Peron’s appearance at the balcony of the presidential palace at the Plaza de Mayo on 17 October 1945 was one of the greatest moments in Argentine history. Why? Because it ushered in the new and powerful Peronist movement that was most radical in this regard: it gave voice to the people. Those words that Peron proclaimed on October 17 articulated his deepest belief that the people must hold the reigns to the might and power of the land. Robben in his scholarly work “Political Violence and Trauma in Argentina, states: “Peronism in its essence rested in the dialogue between Peron and the crowd. Peron voiced and personified the genuine will of the people (15).” As a caring and insightful leader, Peron was able to address the root of the problem, the greatest human violations his countrymen were enduring. According to Amnesty International Report: “the indigenous remain among the most marginalized and poorest communities, discriminated against and often exposed to grave abuses of their fundamental rights (Clearly 65). By mobilizing these underdogs, the indigenous people of the land, Peron was able to create a cohesive social structure that was effective because it was powered by the people as they coalesced as a movement with a vision for social change and a rally cry for justice. In Cleary’s article, “Indigenous Rights Resurgence,” we grasp the greater picture of this grassroots mobilization effort as the author has carefully traced “the trajectory of social and cultural policies towards indigenous peoples in Latin America” and summarizes these tactics as based on the indigenous: “an ideological movement that denounces the exploitation of aboriginal groups and strove for the cultural unity and the extension of citizenship through social integration and acculturation (58).” This rights-based movement had grand ideas and it also had a plan. Peron’s two stated goals were social justice and economic independence. He implemented his vision by instructing his economic advisors to develop a five-year plan aimed at increasing workers' pay, achieving full employment, stimulating industrial growth of over 40% while diversifying the sector (then dominated by food processing), and greatly improving transportation, communication, energy and social infrastructure in the private, as well as the public sectors (Rock, 1516). Thus, a revolution for change was sparked and fueled by a visionary leader and citizens that were ready to take on this new ideology of human rights for each and every individual.

The Soul In Captivity

Eager souls, mystics and revolutionaries, may propose to refashion the world in accordance with their dreams; but evil remains, and so long as it lurks in the secret places of the heart, utopia is only the shadow of a dream.” Nathaniel Hawthorne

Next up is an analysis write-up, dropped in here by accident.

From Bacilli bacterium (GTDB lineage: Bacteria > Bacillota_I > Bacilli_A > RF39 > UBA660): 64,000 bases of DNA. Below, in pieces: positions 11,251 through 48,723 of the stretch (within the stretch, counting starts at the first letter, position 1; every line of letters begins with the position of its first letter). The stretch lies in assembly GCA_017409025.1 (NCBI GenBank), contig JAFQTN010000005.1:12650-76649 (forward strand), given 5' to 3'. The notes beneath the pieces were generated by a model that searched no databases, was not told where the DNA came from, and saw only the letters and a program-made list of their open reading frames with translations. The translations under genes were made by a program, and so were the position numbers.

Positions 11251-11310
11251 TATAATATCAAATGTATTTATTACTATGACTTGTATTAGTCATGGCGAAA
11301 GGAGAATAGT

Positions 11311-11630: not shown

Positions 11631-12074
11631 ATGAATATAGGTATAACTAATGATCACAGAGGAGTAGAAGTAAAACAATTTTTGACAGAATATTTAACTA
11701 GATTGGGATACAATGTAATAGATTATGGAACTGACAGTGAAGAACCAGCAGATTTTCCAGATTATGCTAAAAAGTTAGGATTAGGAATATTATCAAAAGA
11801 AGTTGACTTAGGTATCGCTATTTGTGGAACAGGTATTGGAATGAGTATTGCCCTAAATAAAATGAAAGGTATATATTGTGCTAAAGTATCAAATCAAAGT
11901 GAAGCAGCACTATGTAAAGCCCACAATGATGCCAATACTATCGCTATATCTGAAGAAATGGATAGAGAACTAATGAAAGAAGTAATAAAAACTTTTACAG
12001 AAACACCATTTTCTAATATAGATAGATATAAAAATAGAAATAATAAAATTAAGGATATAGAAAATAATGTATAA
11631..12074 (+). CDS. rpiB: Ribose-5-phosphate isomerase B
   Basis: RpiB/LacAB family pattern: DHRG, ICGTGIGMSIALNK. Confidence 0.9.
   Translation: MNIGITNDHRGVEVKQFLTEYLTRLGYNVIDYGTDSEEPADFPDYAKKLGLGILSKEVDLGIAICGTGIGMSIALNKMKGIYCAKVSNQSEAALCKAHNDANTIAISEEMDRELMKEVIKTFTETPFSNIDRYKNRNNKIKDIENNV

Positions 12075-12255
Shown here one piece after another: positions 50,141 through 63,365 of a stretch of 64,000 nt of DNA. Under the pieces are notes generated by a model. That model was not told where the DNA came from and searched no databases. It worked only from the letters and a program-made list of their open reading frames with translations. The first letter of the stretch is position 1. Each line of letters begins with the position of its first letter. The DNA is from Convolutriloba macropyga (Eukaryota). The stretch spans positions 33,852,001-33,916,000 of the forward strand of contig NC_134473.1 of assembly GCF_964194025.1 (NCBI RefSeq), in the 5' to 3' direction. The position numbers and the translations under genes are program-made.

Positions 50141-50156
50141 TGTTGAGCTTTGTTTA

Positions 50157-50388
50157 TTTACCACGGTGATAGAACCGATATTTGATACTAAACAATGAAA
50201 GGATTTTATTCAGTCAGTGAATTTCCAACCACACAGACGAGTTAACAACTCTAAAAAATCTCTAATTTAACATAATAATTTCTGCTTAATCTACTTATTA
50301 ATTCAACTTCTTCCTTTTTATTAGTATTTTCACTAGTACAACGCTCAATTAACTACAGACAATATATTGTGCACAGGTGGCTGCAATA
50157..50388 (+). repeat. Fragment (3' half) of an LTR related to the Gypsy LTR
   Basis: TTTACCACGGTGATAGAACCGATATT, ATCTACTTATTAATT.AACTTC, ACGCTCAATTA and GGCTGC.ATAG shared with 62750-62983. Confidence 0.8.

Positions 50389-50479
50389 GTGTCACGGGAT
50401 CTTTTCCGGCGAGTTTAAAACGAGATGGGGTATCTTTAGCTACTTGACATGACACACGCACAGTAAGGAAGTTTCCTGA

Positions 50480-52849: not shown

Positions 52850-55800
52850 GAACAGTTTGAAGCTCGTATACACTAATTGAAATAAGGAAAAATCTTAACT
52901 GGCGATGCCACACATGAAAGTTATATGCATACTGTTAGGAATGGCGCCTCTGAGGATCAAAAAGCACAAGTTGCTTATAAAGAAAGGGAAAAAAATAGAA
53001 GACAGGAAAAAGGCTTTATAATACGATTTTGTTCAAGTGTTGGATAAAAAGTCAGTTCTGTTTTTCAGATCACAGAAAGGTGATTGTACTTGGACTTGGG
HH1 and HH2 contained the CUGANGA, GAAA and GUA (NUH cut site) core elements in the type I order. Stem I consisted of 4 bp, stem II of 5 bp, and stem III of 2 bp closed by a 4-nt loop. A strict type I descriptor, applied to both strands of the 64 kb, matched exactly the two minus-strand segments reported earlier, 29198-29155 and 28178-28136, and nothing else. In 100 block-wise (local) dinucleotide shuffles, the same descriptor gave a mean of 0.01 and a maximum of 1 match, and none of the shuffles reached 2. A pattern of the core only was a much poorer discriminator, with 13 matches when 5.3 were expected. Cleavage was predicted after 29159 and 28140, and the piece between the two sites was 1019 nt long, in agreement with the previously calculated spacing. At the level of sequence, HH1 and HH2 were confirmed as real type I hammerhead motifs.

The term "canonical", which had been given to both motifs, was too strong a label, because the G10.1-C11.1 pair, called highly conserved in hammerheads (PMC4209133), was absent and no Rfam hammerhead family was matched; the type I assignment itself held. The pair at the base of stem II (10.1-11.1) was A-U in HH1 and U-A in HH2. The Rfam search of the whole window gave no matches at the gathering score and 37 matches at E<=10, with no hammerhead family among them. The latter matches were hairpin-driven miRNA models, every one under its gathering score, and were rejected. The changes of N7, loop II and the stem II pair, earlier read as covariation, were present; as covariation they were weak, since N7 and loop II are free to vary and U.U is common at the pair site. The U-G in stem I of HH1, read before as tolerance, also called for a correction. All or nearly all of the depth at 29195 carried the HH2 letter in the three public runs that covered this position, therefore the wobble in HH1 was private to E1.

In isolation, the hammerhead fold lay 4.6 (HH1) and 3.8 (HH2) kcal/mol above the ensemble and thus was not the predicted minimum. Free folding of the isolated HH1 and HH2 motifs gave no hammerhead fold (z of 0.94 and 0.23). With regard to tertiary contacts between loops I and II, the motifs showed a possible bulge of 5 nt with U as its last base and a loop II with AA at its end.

Sadly, oftentimes blissful times linger for just a little while. Sweet, but all too short. Such is the tale of the Argentina people. On July 1, 1974, Peron suffered a heart attack and passed away. His death signaled the end of socially just rulership. His wife, Isabel Peron, succeeded her husband, yet she was incapable of properly ruling the land and her term ended on March 24, 1976 by a military coup d’etat. A military junta led by Jorge Rafael Videala took control of the country and established authority by an iron fist of command. He swiftly instated the infamous National Reorganization Process, a systematized persecution of the Argentina people. According to the tenets of what was termed “Operation Condor,” Decree 2772 stated: The Armed Forced, under the Supreme Command of the President of the Nation delegated to the Defense Council, will proceed to execute the military and security operation necessary to annihilate the actions of the subversive elements throughout the country’s territory. The Argentine military interpreted Decree 2772 as a blank check to kill, execute, or assassinate anyone who challenged the new governmental structure (Robben, 192).” Immediately the Peronist movement began organizing itself, the members empowering each other with their high ideals and vision of social justice. Yet their peaceful protests were shut down and members began to suddenly ‘disappear.” Guerrilla groups thus took action. The dirty war was in full swing. This war, however, was not simply waged upon those with hand grenades and tools of violent revenge, but upon those with the dangerous and insidious ideas of freedom for all. General Chasseing stated: “I am much more worried about about an ideologue than a combatant; the combatant is dangerous because he destroys, because his bomb may end many lives. But the ideologue is the one who poisons, who robs children, who destroys the family, who may create chaos ( Robben186).” Who were these dangerous ideologues? Jamie Swart, a Minister of the provincial government of Buenos Aires, denounced as ideologues “politicians, priests, journalists, professors on all levels of education. Everyone who was involved in any sort of political activism, everyone who called publicly for social justice could be branded as an ideologue. Sympathizers were all those feeling an affinity with the utopian ideals of the revolutionary left (Robben 187). This Process of National Reorganization, intended for Argentine society as a whole, was being enacted on the souls of the its captives. As the below photos reveals, those who did not submit to the new order, whose hearts resisted this utter subjugation of the citizen were shackled, dragged away, and never heard from again. They are called the disappeared. The revolutionists who will never be forgotten.